Businesses and organizations champion can these practices, driving innovative work to ensure the health of our planet for future generations. Everyone’s plant-based body care products are made of safe, natural, organic, and sustainably-farmed ingredients. And the company is fully transparent about ingredient integrity and sourcing. Friends of the Earth aims to eliminate pollinator-toxic pesticides and promote the shift to organic farming systems that are more beneficial for bees, butterflies, people and planet.
Individuals (like you!) can also help combat biodiversity loss. How? Planting native and pollinator-friendly plants, not using pesticides and chemical fertilizers, and buying organic all directly support biodiversity. What you learn in Turning Green Classroom helps! By decreasing your carbon footprint and water consumption, living a low waste lifestyle, using eco-friendly products, supporting local farms, and advocating for justice, you are preserving biodiversity.
Biodiversity is extremely important to all ecosystems. Without biodiversity, they become unstable with impacts beyond any perceived borders. It is important to think of biodiversity as more than just tropical rainforests and coral reefs. Biodiversity is all around us. What ecosystem do you live in or near?
At the top of a page, write an ecosystem near you. Now spend 3 minutes making a list of different species that live there. If you get stuck, think about what lives in the ground, uses the sky or hides in small areas.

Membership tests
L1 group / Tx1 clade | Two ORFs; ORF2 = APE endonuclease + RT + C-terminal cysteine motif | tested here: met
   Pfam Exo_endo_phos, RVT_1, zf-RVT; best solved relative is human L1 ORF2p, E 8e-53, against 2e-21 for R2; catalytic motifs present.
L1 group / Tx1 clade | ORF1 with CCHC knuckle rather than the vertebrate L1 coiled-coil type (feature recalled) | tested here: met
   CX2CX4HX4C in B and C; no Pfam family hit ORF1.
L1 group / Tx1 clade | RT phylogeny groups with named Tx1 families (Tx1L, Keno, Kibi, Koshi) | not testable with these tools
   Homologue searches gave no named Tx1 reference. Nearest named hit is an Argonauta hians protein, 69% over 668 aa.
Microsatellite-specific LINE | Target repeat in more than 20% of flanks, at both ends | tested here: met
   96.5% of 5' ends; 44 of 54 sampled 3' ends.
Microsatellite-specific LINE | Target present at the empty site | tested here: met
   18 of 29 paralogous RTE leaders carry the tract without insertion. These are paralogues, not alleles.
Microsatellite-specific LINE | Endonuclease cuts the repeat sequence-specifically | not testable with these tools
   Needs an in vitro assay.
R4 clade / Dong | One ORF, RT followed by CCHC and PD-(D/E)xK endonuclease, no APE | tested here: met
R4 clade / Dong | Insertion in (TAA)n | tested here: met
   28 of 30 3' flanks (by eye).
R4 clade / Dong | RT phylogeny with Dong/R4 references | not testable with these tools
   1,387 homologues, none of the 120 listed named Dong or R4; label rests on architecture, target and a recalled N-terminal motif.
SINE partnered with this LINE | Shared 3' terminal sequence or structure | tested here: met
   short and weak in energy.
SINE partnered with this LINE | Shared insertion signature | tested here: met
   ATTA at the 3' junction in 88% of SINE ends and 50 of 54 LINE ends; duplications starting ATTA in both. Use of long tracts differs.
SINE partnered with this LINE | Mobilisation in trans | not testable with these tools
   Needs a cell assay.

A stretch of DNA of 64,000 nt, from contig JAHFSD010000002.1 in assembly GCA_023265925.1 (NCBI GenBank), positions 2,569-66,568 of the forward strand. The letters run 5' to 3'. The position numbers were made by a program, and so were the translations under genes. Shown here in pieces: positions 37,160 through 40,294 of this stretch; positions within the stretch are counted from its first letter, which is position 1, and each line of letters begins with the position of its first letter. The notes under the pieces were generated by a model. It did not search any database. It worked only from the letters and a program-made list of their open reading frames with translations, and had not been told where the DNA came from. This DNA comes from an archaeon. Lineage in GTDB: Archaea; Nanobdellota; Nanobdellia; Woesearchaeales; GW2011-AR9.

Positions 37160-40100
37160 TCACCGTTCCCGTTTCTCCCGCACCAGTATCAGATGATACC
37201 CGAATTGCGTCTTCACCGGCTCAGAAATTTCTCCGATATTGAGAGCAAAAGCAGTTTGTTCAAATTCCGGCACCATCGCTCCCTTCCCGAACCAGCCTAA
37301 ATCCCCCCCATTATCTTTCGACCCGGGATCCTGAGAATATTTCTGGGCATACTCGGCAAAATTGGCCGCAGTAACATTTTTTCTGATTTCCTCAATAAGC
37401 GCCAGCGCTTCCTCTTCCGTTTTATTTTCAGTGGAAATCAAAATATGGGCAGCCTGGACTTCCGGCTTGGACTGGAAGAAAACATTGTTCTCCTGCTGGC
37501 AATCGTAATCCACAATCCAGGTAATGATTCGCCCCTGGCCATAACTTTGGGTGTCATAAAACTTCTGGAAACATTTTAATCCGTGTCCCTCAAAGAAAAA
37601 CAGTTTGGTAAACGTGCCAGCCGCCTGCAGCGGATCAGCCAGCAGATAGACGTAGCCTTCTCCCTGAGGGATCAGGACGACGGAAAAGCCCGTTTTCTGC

Next to each species, list one function it provides. Do they make energy through photosynthesis, decompose dead organisms, provide important nutrients, prey upon others keeping populations in check? Think creatively.
Take a look at your list of organisms and functions. Choose one and write a couple of sentences about why it is important to the ecosystem near you. How does this relate to the broader world?
Share your list and learnings with classmates, friends and family. Post about it on social media with a drawing or photo, tagging @TurningGreenOrg.
There is a lot to know about biodiversity. Knowledge is the first step in making change and quality resources make it easy to get a solid sense of the massive issue.
- Skim this article from National Geographic summarizing a recent UN biodiversity report
- Read this piece from Friends of the Earth about how humans must change our views on biodiversity
- Watch or read one of the resources below:
With that inspiration, create a concept map. Write “biodiversity” in the center of the page. Depict everything you have learned about the topic on that page through words, icons and images. Draw lines to connect and build upon concepts creatively.
Where do you fit in? Do some research and find an impactful way that you can personally help biodiversity.
Share your concept map and ideas with classmates, friends, family and on social media, tagging @TurningGreenOrg.
Glyphosate is a toxic chemical destroying our world’s biodiversity and negatively impacting human health, to which we are easily exposed without even knowing. Countless schools, universities, and community parks use Roundup on green spaces, a weed killer made by Monsanto with glyphosate as the active ingredient. What can you do about this massive challenge to human and environmental health? More than you think! Let’s get started.
Now, design a campaign to ban glyphosate in your community or school to increase biodiversity and safeguard health! Develop actionable steps to make a difference on this issue.
- Create a visual and compelling call to action that will raise awareness to ignite change.
- Share with neighbors, classmates and on social media, tagging @TurningGreenOrg and Herbicide Free Campus.